From the scuttle of shore crabs to the spray of clams, the intertidal zone is always teeming with new and exciting life! We visited Piggott Bay with the Mayne Island School at low tide to see what we could discover, and the beach did not disappoint. After navigating rocky crevices encrusted in acorn barnacles and mats of mussels, we stumbled upon a Giant Pacific octopus! Or rather, what was left of this awesome creature.
The excitement and curiosity of the students and staff alike was electric as we gathered around for a closer look. These underwater behemoths can grow to be 9 m wide, although most are around 5 m from one tentacle tip to another. The bulk of the tentacles were gone from the octopus that washed up at Piggott Bay, but a couple of massive suction cups could still be seen.
Some octopi have over 2000 suction cups that they use to move and sense the world around them via touch, smell, and taste. As a response to what they sense in their environment, octopi become champions of costume change, able to alter the colour and even texture of their bodies in the blink of an eye using specialized skin cells.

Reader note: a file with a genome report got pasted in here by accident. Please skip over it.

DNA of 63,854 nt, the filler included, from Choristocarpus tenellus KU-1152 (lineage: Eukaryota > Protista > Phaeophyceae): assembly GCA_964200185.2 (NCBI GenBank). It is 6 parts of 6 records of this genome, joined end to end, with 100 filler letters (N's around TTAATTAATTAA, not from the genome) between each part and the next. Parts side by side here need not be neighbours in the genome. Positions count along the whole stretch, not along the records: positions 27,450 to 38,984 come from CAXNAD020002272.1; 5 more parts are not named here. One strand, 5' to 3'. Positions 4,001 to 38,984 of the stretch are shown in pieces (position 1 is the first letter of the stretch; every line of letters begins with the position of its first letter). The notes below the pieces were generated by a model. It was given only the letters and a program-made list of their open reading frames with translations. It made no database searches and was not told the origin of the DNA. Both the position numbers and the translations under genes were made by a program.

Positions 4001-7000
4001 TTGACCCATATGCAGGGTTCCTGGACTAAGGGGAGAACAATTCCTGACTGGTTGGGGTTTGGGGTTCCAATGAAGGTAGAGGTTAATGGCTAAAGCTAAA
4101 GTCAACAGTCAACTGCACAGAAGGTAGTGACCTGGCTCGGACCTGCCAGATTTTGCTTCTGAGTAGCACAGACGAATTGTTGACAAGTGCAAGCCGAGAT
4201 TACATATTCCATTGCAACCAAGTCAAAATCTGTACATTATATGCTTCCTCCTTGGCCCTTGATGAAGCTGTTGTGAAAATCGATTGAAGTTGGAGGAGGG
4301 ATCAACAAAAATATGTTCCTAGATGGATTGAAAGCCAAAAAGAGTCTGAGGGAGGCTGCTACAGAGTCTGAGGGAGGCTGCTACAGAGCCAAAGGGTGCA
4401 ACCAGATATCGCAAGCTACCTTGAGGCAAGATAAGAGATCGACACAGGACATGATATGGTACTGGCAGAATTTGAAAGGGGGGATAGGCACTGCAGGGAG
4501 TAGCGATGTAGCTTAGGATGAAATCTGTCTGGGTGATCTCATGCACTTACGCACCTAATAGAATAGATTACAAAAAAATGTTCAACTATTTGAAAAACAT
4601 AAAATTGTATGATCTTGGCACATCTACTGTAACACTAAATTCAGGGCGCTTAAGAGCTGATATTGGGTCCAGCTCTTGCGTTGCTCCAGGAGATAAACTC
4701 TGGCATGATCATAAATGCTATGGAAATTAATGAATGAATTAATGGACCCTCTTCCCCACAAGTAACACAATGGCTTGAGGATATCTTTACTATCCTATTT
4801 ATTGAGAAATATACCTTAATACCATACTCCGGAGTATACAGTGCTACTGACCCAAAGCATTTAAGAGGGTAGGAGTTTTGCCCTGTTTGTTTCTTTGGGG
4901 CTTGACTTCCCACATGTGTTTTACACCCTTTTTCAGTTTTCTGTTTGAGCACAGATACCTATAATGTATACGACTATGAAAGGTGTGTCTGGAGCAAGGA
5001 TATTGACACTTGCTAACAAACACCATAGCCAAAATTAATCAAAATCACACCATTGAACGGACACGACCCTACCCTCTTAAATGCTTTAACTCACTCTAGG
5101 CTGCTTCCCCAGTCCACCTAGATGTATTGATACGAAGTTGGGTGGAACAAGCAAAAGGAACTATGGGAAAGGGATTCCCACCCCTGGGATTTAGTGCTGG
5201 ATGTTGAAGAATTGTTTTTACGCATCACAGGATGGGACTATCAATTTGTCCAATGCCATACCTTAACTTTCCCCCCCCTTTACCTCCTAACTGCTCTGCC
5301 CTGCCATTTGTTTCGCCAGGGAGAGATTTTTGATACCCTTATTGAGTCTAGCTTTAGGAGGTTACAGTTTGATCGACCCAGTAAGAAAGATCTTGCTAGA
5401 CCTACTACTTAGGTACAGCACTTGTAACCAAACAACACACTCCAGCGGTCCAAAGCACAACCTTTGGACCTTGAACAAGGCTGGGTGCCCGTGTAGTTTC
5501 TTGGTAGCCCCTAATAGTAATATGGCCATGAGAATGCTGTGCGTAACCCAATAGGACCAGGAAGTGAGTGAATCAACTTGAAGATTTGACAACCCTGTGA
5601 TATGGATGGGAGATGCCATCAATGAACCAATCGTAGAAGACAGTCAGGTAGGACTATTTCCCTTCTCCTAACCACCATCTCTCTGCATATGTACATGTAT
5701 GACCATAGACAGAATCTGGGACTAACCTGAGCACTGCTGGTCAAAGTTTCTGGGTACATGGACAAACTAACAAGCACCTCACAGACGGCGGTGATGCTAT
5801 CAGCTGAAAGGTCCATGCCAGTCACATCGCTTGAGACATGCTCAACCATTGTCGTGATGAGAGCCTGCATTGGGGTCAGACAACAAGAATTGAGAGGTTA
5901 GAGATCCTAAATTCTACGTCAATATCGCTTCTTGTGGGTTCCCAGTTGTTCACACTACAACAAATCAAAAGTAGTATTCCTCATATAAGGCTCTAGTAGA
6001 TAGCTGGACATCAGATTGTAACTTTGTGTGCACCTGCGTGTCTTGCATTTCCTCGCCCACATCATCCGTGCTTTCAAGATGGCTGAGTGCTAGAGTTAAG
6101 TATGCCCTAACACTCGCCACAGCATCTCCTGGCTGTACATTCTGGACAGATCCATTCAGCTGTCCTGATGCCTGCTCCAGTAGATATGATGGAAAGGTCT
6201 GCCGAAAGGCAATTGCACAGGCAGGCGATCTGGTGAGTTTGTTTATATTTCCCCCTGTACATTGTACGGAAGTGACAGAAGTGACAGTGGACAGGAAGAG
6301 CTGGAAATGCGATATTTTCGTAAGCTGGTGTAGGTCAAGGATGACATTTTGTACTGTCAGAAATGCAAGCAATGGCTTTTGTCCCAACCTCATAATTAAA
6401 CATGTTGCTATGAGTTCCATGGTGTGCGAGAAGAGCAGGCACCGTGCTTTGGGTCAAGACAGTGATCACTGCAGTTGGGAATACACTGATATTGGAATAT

As if the sheer size of these underwater animals isn’t impressive enough, they’re also known for being incredibly intelligent – and who wouldn’t be, if they had nine brains? Each octopus has one central brain and an additional, smaller brain in each of their eight arms, helping them move their arms and even their suction cups independently.
Most Giant Pacific octopus live three to five years in the wild. After mating, a female will lay tens of thousands of eggs in a den and spend the rest of her life caring for them. In an ultimate sacrifice for her children, she won’t eat while caring for the eggs, and will die shortly after they hatch.
It’s incredible to think that just below the waves, octopi and other marvelous marine animals are going about their business while we go about ours on land. When we find marine animals washed ashore after death, it’s best to leave them where they are. As much as birth or growth, death is a natural part of the circle of life. Decomposing animals have an important role to play in shoreline ecosystems, feeding energy back into the food web to sustain other life.